Emphases Learning Outcomes
Through a detailed curriculum, students learn all of the making and firing processes in ceramics, to understand sound craftsmanship, and to think critically in design decisions. The curriculum also provides a thorough education in the technical aspects of ceramics, such as an understanding of ceramic materials through glaze calculation and the practical knowledge of kiln design and construction.
New Media Art
A New Media student’s education focuses on 4D design and the applications of technology to create artwork. Students learn how to synthesize content, processes, and components to express compelling purpose, story, emotion, or ideas in a variety of media including but not limited to performance art, installation, interactive programming, and video. The work created in this program focus on personal research reinforced by additional electives outside of the School of Art to allow more in-depth interdisciplinary exploration.
Building upon the drawing and design skills learned in the Foundations program the painting program focuses on the application of pigment to a surface. Students begin their learning with representational approaches and over time work towards a personal expressive manner of painting that can be as unique as the student. Students explore both water and oil based painting processes as well as a variety of methods of application of paint.
Building upon the observational and design skills learned in the Foundation program, students in the printmaking program explore a variety of different image making technique including but not limited to lithography, intaglio, silk-screen, wood cut, and bookmaking. What distinguishes the Print Making program from the other emphases is the focus on multiple copies of images.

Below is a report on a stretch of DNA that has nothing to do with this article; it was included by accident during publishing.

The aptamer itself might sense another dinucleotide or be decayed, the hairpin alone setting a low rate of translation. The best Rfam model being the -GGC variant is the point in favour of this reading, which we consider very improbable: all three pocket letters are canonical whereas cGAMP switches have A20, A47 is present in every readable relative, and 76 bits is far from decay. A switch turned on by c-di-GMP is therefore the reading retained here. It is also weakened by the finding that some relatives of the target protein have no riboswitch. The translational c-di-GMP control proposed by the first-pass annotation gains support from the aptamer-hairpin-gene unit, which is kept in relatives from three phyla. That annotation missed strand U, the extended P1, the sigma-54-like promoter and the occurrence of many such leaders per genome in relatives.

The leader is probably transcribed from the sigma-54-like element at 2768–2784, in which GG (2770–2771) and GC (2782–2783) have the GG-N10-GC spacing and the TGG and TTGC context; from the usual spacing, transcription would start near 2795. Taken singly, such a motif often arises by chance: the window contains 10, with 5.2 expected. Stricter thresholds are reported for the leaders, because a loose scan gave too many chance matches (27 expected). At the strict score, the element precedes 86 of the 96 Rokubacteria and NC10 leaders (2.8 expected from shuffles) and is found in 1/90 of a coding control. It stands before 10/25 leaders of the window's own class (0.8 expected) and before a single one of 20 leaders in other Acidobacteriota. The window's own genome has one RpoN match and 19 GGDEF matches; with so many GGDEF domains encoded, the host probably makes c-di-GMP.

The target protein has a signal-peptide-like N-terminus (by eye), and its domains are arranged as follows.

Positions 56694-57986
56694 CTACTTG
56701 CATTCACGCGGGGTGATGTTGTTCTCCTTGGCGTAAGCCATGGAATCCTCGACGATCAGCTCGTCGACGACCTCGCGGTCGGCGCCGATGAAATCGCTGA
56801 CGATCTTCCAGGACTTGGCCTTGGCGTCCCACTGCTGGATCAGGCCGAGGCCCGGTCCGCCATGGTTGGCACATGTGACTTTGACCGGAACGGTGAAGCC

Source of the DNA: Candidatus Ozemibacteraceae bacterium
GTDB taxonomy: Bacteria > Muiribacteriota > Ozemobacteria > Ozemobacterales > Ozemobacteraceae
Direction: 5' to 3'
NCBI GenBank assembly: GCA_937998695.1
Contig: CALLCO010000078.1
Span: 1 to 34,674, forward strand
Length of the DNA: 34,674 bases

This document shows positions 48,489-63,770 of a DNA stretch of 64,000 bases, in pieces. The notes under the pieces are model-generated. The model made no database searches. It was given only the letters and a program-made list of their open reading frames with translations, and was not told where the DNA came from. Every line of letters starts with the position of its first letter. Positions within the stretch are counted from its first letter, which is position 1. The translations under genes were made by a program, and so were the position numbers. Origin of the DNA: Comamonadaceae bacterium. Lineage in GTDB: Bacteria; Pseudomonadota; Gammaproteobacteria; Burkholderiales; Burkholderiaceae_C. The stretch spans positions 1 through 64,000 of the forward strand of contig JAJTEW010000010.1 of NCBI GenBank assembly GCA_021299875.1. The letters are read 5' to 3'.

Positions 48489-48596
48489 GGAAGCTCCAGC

The BFA Sculpture emphasis focuses on 3D physical and spatial design. Students begin with learning basic metal working and welding techniques. Over time students also learn to create 3D artworks with wood, cast metal, plastics, and other composite materials. Students develop their building and fabrication skills in service of developing 3D art. These skills can be applied in a variety of occupations and opportunities like architectural theming and product prototyping in addition to studio art
Student Learning Outcomes:
Create original two-dimensional, three-dimensional and/or four-dimensional fine artwork utilizing the elements and principles of design.
Take the following 54 units with a Grade of "C" or better in each course:
The two elective tracks selected above must differ from your emphasis.
Select an emphasis that differs from either of the elective tracks chosen above. Take the following 30 units with a grade of C or better in each course.
Ceramics Emphasis (30 units)
Additional coursework is required, if, after you have met the previously described requirements, you have not yet completed a total of 120 units of credit.
You may take these remaining courses from any academic areas, using these courses to pursue your specific interests and goals. We encourage you to consult with your advisor to select the courses that will be most advantageous to you. (Please note that you may also use prerequisites or transfer credits as electives if they weren't used to meet major, minor, or liberal studies requirements.)
Be aware that some courses may have prerequisites that you must also take. For prerequisite information click on the course or see your advisor.